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April 15, 2015 6:07 pm

Israel Launches Initiative to Have Antisemitism Recognized as an International Crime

avatar by David Daoud

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Former Ambassador Alan Baker is launching an initiative to make antisemitism an international crime. PHOTO: Website of Ambassador Alan Baker.

Attorney Alan Baker, Israel’s former ambassador to Canada and a legal adviser to the Foreign Ministry wants antisemitism to be treated as an international crime. In a new Israeli initiative, Baker is proposing that international courts be used to combat global hate crimes against Jews.

Baker has drafted an international convention calling on the “Prevention and Punishment of the Crime of Antisemitism.” The Convention, which is drafted in the manner of classical international anti-terrorism treaties and those for other crimes, will allow countries to cooperate and exchange information with others, in order to extradite those suspected of acts that meet the definition of antisemitism, Israel’s NRG reported in Wednesday.

“We need to set down clear rules on what constitutes antisemitism and to set up international codes to prevent it. We expect that the initiative will be thoroughly discussed among all entities and countries that are engaging antisemitism on a global scale,” said Baker.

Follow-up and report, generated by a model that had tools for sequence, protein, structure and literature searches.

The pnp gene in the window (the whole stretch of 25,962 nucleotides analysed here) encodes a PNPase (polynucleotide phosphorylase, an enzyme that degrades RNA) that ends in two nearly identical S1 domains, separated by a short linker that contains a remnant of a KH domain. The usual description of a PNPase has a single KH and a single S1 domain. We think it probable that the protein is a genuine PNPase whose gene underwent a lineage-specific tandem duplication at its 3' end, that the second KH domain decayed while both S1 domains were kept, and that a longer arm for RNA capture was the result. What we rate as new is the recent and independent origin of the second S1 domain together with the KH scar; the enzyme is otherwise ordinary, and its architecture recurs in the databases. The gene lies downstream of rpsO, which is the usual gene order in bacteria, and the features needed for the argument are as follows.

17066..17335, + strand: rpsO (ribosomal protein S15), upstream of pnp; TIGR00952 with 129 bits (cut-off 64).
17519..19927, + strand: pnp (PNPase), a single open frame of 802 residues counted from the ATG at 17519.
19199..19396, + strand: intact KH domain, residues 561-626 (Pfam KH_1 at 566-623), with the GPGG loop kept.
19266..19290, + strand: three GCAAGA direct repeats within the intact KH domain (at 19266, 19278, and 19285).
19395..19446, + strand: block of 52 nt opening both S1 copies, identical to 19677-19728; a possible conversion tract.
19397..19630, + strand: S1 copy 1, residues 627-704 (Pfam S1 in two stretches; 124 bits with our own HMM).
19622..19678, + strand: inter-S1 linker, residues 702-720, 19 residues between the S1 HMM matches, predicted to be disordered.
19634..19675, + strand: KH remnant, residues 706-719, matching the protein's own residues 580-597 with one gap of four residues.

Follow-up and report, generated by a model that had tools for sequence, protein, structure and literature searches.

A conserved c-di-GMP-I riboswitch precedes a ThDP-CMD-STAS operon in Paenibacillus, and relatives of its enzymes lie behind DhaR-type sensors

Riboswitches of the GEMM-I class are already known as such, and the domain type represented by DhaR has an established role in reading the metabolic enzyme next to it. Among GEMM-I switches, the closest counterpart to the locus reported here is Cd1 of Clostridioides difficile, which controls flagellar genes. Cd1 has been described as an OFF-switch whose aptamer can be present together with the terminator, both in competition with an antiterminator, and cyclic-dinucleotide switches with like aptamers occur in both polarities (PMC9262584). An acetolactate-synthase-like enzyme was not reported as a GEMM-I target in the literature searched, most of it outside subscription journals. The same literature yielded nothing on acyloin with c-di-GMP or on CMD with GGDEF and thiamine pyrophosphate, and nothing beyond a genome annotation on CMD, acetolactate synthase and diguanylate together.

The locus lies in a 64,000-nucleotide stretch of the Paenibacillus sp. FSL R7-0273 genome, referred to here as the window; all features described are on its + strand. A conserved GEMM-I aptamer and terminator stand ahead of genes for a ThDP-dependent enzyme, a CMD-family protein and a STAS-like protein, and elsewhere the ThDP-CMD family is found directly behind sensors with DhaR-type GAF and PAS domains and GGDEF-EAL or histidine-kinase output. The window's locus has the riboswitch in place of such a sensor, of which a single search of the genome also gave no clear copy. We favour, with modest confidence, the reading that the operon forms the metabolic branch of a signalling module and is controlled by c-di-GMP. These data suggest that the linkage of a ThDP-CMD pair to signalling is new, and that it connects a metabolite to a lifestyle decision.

Explaining the need for the Convention, Baker noted that, “everyone knows to condemn antisemitism, but they are not doing what is necessary in order to fight against it on an international legal level.” He added that, “on the other hand, international courts invite people from around the world to account for various crimes. We think that this is precisely the place to also work decisively and unambiguously against antisemitism.”

The Jerusalem Center for Public Affairs, where Mr. Baker is now a fellow, intends to release a draft of the Convention, during a series of conferences at the United Nations, to other international organizations, international capitals, and among Jewish communities and organizations around the world.

This will be done in order to encourage countries to support the initiative and to submit a draft of the Convention to the appropriate UN organizations, in order to obtain international approval of the Convention.

Baker said that, “if the world really wants to work against this terrible phenomenon, the time has come to line up behind the measures that are necessary to be employed against it.”

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